Is there an ideal way to landscape an outdoor living area?

Landscaping is an integral part of the plan. It’s certainly not a matter of designing the outdoor room and then adding some pots! Rather than thinking of it as landscaping an outdoor

room, my approach is to design a beautiful garden that also includes areas for seating, dining and cooking. After all, you are introducing a lot of stainless steel into the garden and that can look jarring without sensitive planning. Mother nature is still the star.

Choosing easy-to-care-for materials is important for maintenance. There are so many gorgeous outdoor seating fabrics available now. Solution-dyed acrylics look and feel great, and they are tough! You want to choose hardy materials with the understanding that there is going to be fading, dust, rust—you are outdoors! Copper sinks have a good look and hold up well. Bronze and iron light xtures continue to oxidize outside and get even better! Embrace the imperfections.

How do you make an outdoor space truly magical?

There is no simple answer but one approach is to think in terms of layers of lighting and plantings. Or sometimes a piece of architectural salvage will serve as inspiration; a fabulous old gate, railing, or a collection of vintage light xtures may be the rst thing you nd and then you follow that path. Water is a natural presence in a garden and smaller fountains or bubblers can be tucked into the plantings, adding a captivating element of sound. As water naturally re ects light, consider incorporating thoughtfully placed mirrors, hanging glass, or mirrored mobiles to catch the sunlight. A birdbath invites birds to stop by, and aromatic plants like lavender and scented geraniums attract hummingbirds and butter ies. For me, the process of creating an outdoor living space is almost like doing a painting—one you don’t just look at, you live in.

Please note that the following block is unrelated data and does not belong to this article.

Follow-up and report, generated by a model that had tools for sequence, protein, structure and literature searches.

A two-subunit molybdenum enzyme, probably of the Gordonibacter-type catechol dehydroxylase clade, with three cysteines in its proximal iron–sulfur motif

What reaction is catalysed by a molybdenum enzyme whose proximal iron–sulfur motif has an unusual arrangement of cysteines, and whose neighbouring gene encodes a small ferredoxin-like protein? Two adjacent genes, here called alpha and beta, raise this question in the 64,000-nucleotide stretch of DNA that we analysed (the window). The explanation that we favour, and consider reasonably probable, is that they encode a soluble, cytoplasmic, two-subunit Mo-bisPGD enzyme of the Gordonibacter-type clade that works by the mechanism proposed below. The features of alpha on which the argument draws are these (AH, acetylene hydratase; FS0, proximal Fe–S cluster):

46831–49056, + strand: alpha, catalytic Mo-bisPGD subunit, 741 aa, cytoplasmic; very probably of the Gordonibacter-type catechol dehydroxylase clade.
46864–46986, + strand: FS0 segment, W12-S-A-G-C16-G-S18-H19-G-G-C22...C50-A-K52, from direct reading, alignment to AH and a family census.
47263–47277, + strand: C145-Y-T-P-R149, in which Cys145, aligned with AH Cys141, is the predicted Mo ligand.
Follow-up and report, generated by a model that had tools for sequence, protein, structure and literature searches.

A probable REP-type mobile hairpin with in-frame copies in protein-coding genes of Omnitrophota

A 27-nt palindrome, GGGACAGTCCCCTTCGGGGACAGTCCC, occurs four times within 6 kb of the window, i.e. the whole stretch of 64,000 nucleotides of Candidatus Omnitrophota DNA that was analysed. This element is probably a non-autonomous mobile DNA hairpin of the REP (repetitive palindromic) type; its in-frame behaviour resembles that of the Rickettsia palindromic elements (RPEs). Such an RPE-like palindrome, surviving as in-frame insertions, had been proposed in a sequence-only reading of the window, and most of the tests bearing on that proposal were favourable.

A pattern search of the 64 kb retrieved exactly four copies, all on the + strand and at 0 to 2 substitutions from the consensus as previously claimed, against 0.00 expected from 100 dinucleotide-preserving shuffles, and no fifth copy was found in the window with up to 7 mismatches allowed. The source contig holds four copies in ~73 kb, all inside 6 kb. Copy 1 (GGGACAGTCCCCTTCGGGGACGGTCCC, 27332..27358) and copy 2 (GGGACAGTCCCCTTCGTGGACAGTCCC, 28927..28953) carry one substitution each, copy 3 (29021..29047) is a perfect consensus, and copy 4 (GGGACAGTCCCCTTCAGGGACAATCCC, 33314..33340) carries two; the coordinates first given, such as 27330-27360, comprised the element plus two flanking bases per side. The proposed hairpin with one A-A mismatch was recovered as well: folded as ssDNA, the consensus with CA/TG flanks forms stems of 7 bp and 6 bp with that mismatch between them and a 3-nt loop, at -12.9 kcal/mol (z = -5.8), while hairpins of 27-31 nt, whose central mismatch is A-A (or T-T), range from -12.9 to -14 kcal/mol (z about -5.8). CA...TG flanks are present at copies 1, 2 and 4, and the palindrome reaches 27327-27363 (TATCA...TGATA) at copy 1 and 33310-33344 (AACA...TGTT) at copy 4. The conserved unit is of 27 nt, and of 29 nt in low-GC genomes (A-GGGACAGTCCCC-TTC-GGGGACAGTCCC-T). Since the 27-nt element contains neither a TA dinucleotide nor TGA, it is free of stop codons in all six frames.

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20 Sep 2017

By Marina Chetner